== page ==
NAIROBI — As Kenyan tech companies push for their vision of a “silicon savannah” in this East African nation, local animators say their industry is set to ride the high-tech wave toward becoming an animation powerhouse.
Buoyed by the success of “Tinga Tinga Tales,” a toon for the BBC’s children’s web CBeebies co-produced by the U.K.’s Tiger Aspect Prods. and the Nairobi-based Homeboyz Animation, Kenyan animators are hopeful that their country will emerge as the next big market for outsourcing.
Allan Mwaniki, director and lead animator at Homeboyz, says that the scale of “Tinga Tinga Tales,” which involved nearly 50 animators in Nairobi, was proof that the Kenyan industry could effectively handle a large-scale production. “We’ve shown the world we can do it,” he says.
Kenya’s animation industry began to blossom with a series of U.N.-sponsored training programs from 2004-2006, which brought Kenyan animators together with artists from around the world.
Dubbed Africa Animated!, the initiative was created to enhance the ability of African animators to compete with the Western imports, which dominate children’s programming on African TV stations.
The workshops gave Kenyan artists an important platform to show their work on a global stage, eventually leading to the “Tinga Tinga” collaboration.
The series was a watershed moment for local animators.
“Before ‘Tinga Tinga,’ every artist used to work in their own small corner,” says former “Tinga” animator Pete Mute. “The artists that came(from “Tinga”) and the experience they carried out of that project — most of them have gone on to set up their own outfits,” he says.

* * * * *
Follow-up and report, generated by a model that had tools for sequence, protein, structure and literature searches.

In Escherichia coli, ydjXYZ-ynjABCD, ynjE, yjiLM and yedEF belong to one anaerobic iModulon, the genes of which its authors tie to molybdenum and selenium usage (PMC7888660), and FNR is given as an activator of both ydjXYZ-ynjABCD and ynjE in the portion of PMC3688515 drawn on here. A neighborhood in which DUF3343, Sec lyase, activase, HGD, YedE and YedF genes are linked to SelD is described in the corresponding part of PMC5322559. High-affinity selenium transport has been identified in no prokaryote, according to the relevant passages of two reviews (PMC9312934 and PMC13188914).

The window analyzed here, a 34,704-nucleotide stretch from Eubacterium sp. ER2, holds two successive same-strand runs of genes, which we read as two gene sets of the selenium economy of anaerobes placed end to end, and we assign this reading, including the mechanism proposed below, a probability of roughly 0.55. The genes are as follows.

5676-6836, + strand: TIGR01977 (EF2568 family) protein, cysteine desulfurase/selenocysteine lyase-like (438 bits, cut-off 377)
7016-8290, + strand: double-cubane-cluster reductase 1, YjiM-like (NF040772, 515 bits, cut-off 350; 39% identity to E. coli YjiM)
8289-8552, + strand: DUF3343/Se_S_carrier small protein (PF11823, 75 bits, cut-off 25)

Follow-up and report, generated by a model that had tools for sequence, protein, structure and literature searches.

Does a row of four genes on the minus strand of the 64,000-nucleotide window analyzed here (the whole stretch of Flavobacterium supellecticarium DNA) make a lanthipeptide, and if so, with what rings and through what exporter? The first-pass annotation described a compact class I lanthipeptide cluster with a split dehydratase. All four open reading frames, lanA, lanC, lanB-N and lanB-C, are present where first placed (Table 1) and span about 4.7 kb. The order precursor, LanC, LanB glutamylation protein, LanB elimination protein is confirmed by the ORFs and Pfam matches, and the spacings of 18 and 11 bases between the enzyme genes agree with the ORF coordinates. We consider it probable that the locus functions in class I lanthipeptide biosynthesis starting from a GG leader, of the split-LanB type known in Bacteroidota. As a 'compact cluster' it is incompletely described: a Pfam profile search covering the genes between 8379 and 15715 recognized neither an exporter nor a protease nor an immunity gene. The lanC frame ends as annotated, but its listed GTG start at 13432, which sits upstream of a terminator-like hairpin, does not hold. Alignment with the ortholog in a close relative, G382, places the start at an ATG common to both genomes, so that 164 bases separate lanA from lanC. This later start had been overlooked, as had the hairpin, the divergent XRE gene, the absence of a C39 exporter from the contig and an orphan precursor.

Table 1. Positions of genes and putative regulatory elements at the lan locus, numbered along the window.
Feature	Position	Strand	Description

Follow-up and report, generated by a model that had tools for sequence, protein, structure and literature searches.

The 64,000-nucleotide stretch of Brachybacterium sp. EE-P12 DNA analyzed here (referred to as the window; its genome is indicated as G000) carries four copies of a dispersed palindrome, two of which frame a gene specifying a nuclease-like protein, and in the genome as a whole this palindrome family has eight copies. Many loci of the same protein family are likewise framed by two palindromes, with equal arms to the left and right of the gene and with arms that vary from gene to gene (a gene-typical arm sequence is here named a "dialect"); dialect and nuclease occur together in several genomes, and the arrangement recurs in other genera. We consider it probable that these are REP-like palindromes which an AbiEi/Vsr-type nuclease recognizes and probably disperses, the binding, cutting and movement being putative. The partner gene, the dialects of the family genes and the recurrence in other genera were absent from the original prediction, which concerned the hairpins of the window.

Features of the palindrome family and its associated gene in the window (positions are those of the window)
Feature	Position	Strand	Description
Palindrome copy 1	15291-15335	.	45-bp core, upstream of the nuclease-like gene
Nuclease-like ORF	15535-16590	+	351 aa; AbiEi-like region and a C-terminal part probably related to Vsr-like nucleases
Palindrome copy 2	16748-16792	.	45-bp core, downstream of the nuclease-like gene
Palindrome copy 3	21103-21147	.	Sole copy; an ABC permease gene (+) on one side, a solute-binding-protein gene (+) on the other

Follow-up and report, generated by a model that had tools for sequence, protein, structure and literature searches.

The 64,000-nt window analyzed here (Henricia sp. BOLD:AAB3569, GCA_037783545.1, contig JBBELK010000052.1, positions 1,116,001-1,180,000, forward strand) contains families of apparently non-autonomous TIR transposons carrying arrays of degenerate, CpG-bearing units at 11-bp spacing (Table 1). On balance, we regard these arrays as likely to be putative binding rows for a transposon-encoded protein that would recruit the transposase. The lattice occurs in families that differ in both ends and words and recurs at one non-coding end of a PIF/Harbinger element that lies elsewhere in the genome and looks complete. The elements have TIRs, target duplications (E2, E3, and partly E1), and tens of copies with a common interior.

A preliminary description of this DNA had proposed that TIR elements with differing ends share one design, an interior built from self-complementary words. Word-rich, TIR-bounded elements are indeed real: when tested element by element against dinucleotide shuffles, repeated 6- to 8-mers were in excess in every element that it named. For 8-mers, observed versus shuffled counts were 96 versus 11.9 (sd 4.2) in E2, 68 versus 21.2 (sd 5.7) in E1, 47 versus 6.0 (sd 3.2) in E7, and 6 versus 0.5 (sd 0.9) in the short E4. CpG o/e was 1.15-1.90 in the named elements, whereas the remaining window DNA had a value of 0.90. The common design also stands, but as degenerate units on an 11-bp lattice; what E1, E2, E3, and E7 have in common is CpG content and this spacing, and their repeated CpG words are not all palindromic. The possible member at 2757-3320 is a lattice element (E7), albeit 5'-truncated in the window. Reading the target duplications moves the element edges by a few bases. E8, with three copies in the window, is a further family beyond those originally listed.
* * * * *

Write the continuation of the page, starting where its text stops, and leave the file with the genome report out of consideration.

Animators still face limited opportunities in the Kenyan market. Kwame Nyong’o, creator of the well-regarded animated short “The Legend of the Ngong Hills,” says the Darwinian nature of the local industry forces artists to be avid promoters of their own work.
“You have to create the opportunities for yourself,” he says.
The arrival of a broadband fiber-optic cable in East Africa last year has many animators anticipating more “Tinga”-style collaborations.
Growing demand for local content from Kenyan broadcasters, as well as increased government support, has also led to optimism over the future of the domestic market. Homeboyz is working on pilots for two series it hopes to air in 2012.
As the market evolves, some animators are already looking ahead to where the industry is going.
Mute launched an animation company called the African Sci-Fi Factory two years ago, with the hopes of “starting a conversation with film producers and TV producers and figuring how animation fits into their businesses.” The industry, he says, is just beginning to realize the potential that animation offers.
Mute has begun work on a short that combines animation and live actors.
In spite of his efforts, he says there are still financial and technological hurdles preventing his vision from being fully realized.
“You wish it could grow faster, but it takes patience,” he says. “It’s still early days.”